It can be hard to tell if you’re suffering from depression or anxiety. The symptoms can get lost in translation; people don’t realize what they’re feeling may actually be anxiety or depression.

It can be hard to tell why you don’t feel the same; maybe you’re feeling weaker because of age or might be having mood changes because of the weather. “There’s a tendency to dismiss it as, ‘Well, of course, I’m worried, I have heart disease,’ or, ‘Of course I’m sad, I’m not as relevant as I once was,'” Dr. Michael Craig Miller, an assistant professor of psychiatry at Harvard Medical School recently told Harvard Health Online.

It’s important that if you’re showing any of the signs of anxiety or depression you make a trip to your doctor. There’s no need to have to live life the way that you’re feeling.

What to look for

Sometimes it takes a good hard look at yourself to realize that things haven’t been normal with the way you’re feeling.

Have you lost interest in the things that you once loved doing? Do you lack enthusiasm? If you feel empty and loss of enjoyment for life, you could be lacking apathy. These are more textbook symptoms that are associated with depression. Another classic symptom is helplessness or hopelessness; it’s when you feel that no one, including yourself, can help change your life. Have you noticed a change in your habits? You could be sleeping far more or less. You might also be engaging in riskier behaviour. Do you feel tired all of the time? Being exhausted at the end of the day is normal, however, it’s not to be all day. There can be other medical reasons for this, but it can also be due to depression or anxiety.

“People who are depressed and anxious have difficulty making decisions because they worry whatever they do will be wrong,” says Dr. Miller. Or you may have trouble concentrating or paying attention to others. Another symptom to look out for is mood swings; you might be getting irritated easily or are being incredibly self-critical.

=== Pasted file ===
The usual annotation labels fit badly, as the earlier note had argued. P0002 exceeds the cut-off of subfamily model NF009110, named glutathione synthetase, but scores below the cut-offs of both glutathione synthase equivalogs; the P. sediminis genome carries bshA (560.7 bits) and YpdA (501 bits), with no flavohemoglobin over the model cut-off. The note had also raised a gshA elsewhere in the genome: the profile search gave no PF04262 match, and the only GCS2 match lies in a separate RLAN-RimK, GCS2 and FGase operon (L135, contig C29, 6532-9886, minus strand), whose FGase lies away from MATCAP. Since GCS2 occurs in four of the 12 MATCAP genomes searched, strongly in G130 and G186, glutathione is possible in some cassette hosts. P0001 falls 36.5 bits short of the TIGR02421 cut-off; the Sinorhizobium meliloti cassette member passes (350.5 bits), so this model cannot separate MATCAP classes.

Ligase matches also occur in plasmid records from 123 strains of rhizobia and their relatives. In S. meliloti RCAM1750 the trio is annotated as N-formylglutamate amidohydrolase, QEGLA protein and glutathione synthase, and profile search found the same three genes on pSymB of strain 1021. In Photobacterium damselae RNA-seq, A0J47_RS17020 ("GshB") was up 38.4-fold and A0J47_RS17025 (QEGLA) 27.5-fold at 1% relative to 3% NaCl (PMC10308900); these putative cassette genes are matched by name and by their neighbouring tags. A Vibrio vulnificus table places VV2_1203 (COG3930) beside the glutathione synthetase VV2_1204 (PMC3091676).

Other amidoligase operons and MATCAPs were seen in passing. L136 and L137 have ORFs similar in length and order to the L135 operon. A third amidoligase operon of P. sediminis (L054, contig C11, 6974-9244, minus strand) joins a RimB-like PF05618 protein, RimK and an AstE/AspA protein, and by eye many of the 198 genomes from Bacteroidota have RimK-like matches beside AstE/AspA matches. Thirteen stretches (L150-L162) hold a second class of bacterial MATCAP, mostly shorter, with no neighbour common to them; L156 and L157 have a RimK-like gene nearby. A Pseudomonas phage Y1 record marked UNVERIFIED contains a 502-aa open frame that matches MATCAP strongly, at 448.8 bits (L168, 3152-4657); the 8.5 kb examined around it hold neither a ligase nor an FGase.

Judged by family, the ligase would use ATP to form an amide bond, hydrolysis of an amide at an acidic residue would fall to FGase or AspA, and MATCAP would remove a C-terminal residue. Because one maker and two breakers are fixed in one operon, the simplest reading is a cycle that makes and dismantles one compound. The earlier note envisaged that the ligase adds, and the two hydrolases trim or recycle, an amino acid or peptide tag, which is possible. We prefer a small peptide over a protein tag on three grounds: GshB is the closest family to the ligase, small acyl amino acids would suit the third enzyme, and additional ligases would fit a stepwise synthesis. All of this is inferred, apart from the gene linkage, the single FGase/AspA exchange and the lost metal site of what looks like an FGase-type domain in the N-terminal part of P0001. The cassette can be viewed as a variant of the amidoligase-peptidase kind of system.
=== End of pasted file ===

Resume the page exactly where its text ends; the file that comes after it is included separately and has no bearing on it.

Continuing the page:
“Are you anticipating every possible problem and focusing on it rather than looking at the lake or sky or enjoying being with your grandchild?” Dr. Miller asks. Unending worry could be due to an anxiety disorder.

“If you enjoy solitude because you like the time to read or meditate, that’s fine. But that’s different from staying home because it takes too much energy to interact with others. That’s a sign of depression,” says Dr. Miller.

What to do if you have symptoms

You might not be diagnosed with depression or anxiety because you’re only suffering one of the symptoms, but if it’s impacting your way of life it might be a good idea to schedule a chat with your doctor. “If you’re too caught up in one feeling or another, having less pleasure in life or having trouble doing what you need to do, then certainly get help,” says Dr. Miller.

One of the best ways to start the process is to talk to your family or friends. “Talk to people who might be understanding, compassionate, and helpful,” Dr. Miller says. If you don’t feel comfortable talking to them, your doctor is the next best option.

What can help?

There are a handful of ways to treat depression and anxiety including medications and therapy. There are different forms of depression and anxiety – there is no cookie cutter way of dealing with it. Tthe best thing you can do is talk to your doctor about your treatment options.

If you’re not into the idea of taking pills, exercise is a great alternative. “Increased blood flow to the brain seems to make nerves healthier. They plump up and make firmer connections,” Dr. Miller explains. You don’t have to become an Olympic deadlift champion, try going for a walk around the block.

Another great way is to not pull away from your social life; by spending time and staying connected socially can help reduce your stress.  They’re also associated with improved immune system function and a longer life. All of this can lead to a lower level of anxiety and depression, a better well-being.

“It’s useful to find a way to manage it better so you can live your life fully and experience being alive,” says Dr. Miller. “You want to feel like every day that you wake up is a good day.”